Interpreter Preferences

It’s worth knowing that not only does PyDev work well with the default version of Python that ships with RHEL, it also works with the Python Software Collections. For example, if you’d like to work with Python 3 then you can also install the rh-python34 software collection:

$ sudo yum install rh-python3

Continue reading “Get Started: Eclipse and Python with PyDev in Developer Toolset 4.0”

softwarecollections-logo-colorful

Software Collections 2.1 now in beta – Adds Varnish Cache, nginx

Today, we are pleased to announce the beta availability of Red Hat Software Collections 2.1, Red Hat’s newest installment of open source web development tools, dynamic languages, and databases. Delivered on a separate lifecycle from Red Hat Enterprise Linux with a more frequent release cadence, Red Hat Software Collections bridges developer agility and production stability by helping to accelerate the creation of modern applications that can then be more confidently deployed into production.

Continue reading “Software Collections 2.1 now in beta – Adds Varnish Cache, nginx”

You had me at Hello, World

Our Red Hat Developers program team has just concluded a “Time to Hello World” project to reduce the time it takes you to download and install a new technology, and then get to your first “hello world” application.  By utilizing multiple resources from Red Hat engineering, UX, evangelists, docs, testing, and yes, even customers, this is just one of many Red Hat activities underway to minimize speed bumps when trying a new Red Hat technology.

So, is 6 minutes quick enough to try out a new technology?  If so, read on.

Continue reading “You had me at Hello, World”


Join Red Hat Developers, a developer program for you to learn, share, and code faster – and get access to Red Hat software for your development.  The developer program and software are both free!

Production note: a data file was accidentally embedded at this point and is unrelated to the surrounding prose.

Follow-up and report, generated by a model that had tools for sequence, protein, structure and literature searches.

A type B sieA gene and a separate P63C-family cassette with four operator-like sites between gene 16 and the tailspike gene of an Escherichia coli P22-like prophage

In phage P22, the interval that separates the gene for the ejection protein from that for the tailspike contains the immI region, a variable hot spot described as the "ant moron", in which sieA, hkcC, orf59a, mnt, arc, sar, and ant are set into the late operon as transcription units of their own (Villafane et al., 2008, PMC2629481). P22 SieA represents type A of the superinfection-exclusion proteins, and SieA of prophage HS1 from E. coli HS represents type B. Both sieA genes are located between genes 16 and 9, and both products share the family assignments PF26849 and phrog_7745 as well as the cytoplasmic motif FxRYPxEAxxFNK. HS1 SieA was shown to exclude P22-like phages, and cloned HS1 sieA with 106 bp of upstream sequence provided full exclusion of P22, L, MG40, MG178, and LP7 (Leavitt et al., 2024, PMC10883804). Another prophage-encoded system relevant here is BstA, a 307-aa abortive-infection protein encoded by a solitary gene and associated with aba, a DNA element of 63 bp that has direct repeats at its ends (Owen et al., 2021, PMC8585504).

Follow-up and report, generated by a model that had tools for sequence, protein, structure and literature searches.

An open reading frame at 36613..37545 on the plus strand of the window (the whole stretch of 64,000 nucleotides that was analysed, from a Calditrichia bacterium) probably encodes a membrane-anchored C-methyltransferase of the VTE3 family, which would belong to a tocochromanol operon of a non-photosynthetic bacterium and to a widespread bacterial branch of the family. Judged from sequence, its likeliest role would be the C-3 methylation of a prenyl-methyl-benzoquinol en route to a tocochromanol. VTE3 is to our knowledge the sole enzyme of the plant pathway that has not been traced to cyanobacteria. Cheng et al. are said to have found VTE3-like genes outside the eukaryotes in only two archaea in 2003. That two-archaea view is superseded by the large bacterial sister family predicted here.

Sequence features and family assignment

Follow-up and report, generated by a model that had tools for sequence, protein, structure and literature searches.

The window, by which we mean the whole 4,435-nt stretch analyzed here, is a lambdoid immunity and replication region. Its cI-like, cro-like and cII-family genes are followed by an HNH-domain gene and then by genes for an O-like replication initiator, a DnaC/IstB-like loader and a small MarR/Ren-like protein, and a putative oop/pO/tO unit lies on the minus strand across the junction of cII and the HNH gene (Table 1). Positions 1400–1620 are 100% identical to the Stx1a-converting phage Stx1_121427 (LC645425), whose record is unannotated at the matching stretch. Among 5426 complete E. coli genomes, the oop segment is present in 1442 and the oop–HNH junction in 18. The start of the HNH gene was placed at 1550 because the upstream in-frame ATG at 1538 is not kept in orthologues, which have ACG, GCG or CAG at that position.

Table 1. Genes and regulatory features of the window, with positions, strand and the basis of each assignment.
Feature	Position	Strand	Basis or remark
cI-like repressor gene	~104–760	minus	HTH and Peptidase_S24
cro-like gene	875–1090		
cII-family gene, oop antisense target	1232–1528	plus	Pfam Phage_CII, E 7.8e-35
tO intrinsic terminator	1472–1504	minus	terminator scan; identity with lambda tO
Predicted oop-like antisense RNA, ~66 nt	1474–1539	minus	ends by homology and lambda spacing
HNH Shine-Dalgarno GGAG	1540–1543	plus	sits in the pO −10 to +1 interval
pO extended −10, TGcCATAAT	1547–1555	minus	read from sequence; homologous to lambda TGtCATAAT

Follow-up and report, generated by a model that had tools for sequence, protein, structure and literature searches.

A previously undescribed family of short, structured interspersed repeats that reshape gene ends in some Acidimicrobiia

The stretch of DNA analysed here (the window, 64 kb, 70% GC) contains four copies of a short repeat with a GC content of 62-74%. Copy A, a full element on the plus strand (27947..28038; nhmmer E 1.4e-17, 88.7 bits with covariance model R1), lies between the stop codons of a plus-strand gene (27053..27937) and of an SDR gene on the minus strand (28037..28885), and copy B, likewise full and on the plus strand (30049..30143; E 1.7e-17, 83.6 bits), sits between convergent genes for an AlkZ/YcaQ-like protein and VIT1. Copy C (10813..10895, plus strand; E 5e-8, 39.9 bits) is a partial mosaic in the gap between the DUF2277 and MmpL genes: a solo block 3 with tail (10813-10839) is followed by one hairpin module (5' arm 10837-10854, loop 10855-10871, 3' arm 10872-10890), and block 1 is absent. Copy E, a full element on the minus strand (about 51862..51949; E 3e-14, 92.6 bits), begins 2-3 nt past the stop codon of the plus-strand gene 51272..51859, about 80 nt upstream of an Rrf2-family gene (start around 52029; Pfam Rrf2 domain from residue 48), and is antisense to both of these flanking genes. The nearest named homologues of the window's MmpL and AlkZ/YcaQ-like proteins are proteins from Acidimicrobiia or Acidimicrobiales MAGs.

Take advantage of your Red Hat Developers membership and download RHEL today at no cost.

containers for grown-ups

Database Docker images – now beta via Software Collections

“As a part of the Red Hat Software Collections offering, Red Hat provides a number of container images, which are based on the corresponding Software Collections. These include application, daemon, and database images. The provided images, currently available in the Beta version” (for more information see https://access.redhat.com/articles/1752723)

Red Hat Software Collections allows you to run newer versions of software on a stable Red Hat Enterprise Linux. These new images combine this feature with the benefits of containers.

In this post I would like to show you how to run database server from RHSCL in one command.

Continue reading “Database Docker images – now beta via Software Collections”


Join Red Hat Developers, a developer program for you to learn, share, and code faster – and get access to Red Hat software for your development.  The developer program and software are both free!